In the town of Oloibiri, whose population has dropped from 10,000 to fewer than 1,000 in the past 30 years, a dirt road passes between rough-hewn houses, some roofed with thatch, others with sheets of corroding metal. A small shop offers a few bananas and yams. Inside the only freshly painted structure, a lemon yellow, two-story house, Chief Osobere Inengite of the Ijaw tribe apologizes for the appearance of his town: “Oloibiri is supposed to be compared to Texas,” he said. “I ask you, in Texas have the people in 50 years seen one second of darkness? But look here, we have no light, no water, no food, no jobs.”

The chief looked prosperous. He was wearing an ornate black-and-purple robe, a chunky coral necklace, and a black derby, his outfit for a neighboring chief’s coronation downriver in Nembe later that day. Like most chiefs, Inengite has a business—dredging sand from the river for roadbuilding. He always keeps an eye out for visitors to Nigeria’s historic Well No. 1. He wants them to leave Oloibiri with a message for Shell, which owns the local oil fields. “Tell them to help us. Tell them to train 50 boys and girls from here for jobs,” the chief pleaded. Then he sighed, “If we had never seen oil, we would have been better off.”

Where does all the oil money go? That question is asked in every village, town, and city in the Niger Delta. The blame spreads, moving from the oil companies to a bigger, more elusive, target: the Nigerian government. Ever since it nationalized the oil industry in 1971, the government has controlled the energy purse. In a joint venture arrangement, the state, in the name of the Nigerian National Petroleum Corporation, owns 55 to 60 percent of multinational oil operations onshore. The windfall in revenues from this arrangement has grown in real dollars from 250 million a year to more than 60 billion in 2005. During that time, even though the government has evolved from a military dictatorship to a democracy (the latest attempt at civil governance began in 1999), what has not changed is what an International Crisis Group report calls a “cancer of corruption.” A Western diplomat quoted in the report was even more direct, referring to “the institutionalized looting of national wealth.” The money involved is staggering. The head of Nigeria’s anticorruption agency estimated that in 2003, 70 percent of oil revenues, more than 14 billion dollars, was stolen or wasted.

— —

Oil companies operated in the delta for years with little environmental oversight. There was no federal environmental protection agency until 1988, and environmental impact assessments weren’t mandated until 1992. What pressure the government exerts now is directed mostly at halting gas flares. Delta oil fields contain large amounts of natural gas that companies have traditionally elected to burn off rather than store or reinject into the ground, more costly measures. Hundreds of flares have burned nonstop for decades, releasing greenhouse gases and causing acid rain. Communities complain of corroded roofs, crop failures, and respiratory diseases. After first ordering companies to eliminate flaring by 1984, the government keeps pushing back the deadline. Shell, the main offender, recently announced that despite making considerable progress, it could not meet the latest target date of 2008.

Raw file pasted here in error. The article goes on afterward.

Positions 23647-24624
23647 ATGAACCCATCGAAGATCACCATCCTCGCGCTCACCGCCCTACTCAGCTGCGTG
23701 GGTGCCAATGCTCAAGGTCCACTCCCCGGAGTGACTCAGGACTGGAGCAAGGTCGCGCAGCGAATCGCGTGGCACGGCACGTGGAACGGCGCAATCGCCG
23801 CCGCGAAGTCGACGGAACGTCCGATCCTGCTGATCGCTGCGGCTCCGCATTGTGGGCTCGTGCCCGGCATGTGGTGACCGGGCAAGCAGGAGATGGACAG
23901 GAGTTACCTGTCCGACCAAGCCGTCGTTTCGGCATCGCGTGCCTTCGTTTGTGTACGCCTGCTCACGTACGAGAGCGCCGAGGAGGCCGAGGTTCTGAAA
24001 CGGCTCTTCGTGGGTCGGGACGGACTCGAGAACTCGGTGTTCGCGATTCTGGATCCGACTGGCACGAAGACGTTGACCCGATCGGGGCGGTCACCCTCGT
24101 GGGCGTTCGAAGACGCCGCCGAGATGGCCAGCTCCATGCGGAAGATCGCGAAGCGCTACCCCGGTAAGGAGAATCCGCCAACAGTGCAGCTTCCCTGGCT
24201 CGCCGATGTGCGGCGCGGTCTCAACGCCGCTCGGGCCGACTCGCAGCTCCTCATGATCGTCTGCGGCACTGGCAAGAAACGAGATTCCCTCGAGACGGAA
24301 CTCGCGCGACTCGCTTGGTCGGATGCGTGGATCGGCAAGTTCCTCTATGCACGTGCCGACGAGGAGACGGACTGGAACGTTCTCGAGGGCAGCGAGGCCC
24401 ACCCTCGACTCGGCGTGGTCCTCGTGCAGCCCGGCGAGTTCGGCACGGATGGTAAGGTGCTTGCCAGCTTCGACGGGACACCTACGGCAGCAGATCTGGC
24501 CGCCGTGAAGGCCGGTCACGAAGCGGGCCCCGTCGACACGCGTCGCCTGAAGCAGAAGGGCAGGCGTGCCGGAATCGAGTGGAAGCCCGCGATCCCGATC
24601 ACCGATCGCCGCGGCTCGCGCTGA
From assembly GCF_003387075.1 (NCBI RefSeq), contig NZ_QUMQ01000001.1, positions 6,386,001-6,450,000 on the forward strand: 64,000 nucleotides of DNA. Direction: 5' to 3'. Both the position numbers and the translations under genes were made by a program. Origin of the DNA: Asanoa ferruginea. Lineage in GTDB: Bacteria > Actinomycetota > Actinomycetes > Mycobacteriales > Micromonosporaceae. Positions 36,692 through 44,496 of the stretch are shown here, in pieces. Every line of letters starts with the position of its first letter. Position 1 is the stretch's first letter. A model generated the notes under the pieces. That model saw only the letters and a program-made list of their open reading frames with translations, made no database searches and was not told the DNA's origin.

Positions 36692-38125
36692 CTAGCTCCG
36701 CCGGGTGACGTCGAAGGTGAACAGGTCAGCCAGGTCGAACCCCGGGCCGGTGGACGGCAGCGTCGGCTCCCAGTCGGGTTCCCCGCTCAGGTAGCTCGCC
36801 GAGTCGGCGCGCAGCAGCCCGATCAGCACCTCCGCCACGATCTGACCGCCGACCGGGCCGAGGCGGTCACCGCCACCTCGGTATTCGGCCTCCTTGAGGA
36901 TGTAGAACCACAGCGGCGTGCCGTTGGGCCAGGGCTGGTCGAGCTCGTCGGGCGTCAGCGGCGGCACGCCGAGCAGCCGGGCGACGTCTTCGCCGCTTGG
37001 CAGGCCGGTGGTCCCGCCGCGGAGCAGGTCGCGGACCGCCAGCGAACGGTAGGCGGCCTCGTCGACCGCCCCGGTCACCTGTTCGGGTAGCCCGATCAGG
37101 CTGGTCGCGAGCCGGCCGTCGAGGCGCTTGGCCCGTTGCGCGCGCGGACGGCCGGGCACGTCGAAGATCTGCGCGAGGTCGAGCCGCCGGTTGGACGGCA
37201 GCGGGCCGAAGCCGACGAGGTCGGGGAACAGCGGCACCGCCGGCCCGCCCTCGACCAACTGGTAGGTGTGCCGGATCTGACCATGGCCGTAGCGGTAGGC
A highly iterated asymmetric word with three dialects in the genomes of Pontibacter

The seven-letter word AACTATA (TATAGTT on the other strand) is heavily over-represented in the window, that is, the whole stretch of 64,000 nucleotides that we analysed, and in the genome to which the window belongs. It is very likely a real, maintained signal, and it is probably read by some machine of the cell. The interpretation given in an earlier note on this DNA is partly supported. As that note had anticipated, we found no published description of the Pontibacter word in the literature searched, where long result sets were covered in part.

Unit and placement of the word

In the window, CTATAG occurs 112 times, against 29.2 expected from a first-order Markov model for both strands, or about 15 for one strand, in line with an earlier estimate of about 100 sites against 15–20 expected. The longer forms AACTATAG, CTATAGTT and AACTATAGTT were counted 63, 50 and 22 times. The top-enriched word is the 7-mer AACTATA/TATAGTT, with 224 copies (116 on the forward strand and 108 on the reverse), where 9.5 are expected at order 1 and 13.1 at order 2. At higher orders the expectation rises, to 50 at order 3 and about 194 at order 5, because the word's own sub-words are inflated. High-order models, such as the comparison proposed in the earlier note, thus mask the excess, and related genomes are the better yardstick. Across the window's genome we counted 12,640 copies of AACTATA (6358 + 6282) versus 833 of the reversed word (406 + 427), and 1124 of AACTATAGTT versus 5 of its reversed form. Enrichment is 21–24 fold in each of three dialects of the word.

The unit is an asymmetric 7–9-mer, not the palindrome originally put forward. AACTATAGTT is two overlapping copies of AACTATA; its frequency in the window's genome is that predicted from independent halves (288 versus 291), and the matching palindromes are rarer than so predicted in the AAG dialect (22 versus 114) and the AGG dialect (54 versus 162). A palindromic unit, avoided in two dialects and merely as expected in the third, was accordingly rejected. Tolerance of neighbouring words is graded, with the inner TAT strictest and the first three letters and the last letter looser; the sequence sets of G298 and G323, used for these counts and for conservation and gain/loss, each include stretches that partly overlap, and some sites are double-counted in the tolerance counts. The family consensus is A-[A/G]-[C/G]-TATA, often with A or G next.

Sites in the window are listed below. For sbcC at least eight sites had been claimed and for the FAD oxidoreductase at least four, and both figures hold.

On land, there are oil spills, polluting groundwater and ruining cropland. The government documented 6,817 spills between 1976 and 2001—practically one a day for 25 years—but analysts suspect that the real number may be ten times higher. Old, improperly maintained equipment causes many of the leaks, but oil operators blame sabotage and theft, speculating that disaffected community members deliberately cause oil spills to collect compensation money.

— —

Well 13 in Shell’s Yorla field had been leaking for five days when I got there. Members of the nearby Ogoni village of Kpean had assembled around a five-foot-high (1.5 meters) wellhead that stood in the midst of high grass. Puffs of smoke drifted from the iron structure. Oil dripped from its sides into a spreading lake.

“We’re expecting Shell, but no one has come yet,” a villager said. “Soon the oil will leak into the creek over there and spoil our drinking water.”

Shell and Ogoniland share a tragic history. Nigeria’s first mass protest against the oil industry emerged in these tribal lands southeast of Port Harcourt. In 1990, the charismatic writer Ken Saro-Wiwa, outraged by oil spills in Ogoniland, founded the Movement for the Survival of Ogoni People. The organization demanded control of the oil on Ogoni lands and an end to environmental damage. A quarter of a million Ogoni, nearly half the population, rallied in early 1993 to support the cause. Later that year, Shell, citing security concerns, halted production from its 96 wells in Ogoniland—though oil from wells outside the area continued to flow in pipelines through Ogoni territory.

Alarmed by Saro-Wiwa’s popular support, Nigeria’s military government brought charges of murder against him and fellow activists. The government accused them of instigating the mob killings of four Ogoni leaders from a rival faction. At a tribunal widely regarded as a sham, and with the alleged complicity of Shell, Saro-Wiwa and eight others were found guilty and hanged in 1995. Though the world community reacted with outrage, and Saro-Wiwa’s son initiated a lawsuit against Shell for human rights abuses (which is ongoing), the situation has not improved. In fact, Isaac Osuoka told me, “things have gotten worse since Ken was murdered.”

— —

No one is sure how many delta people have picked up the gun to fight for their rights. Estimates range from the low hundreds to the low thousands. What is certain is that each time the military reacts with extreme measures, the number rises.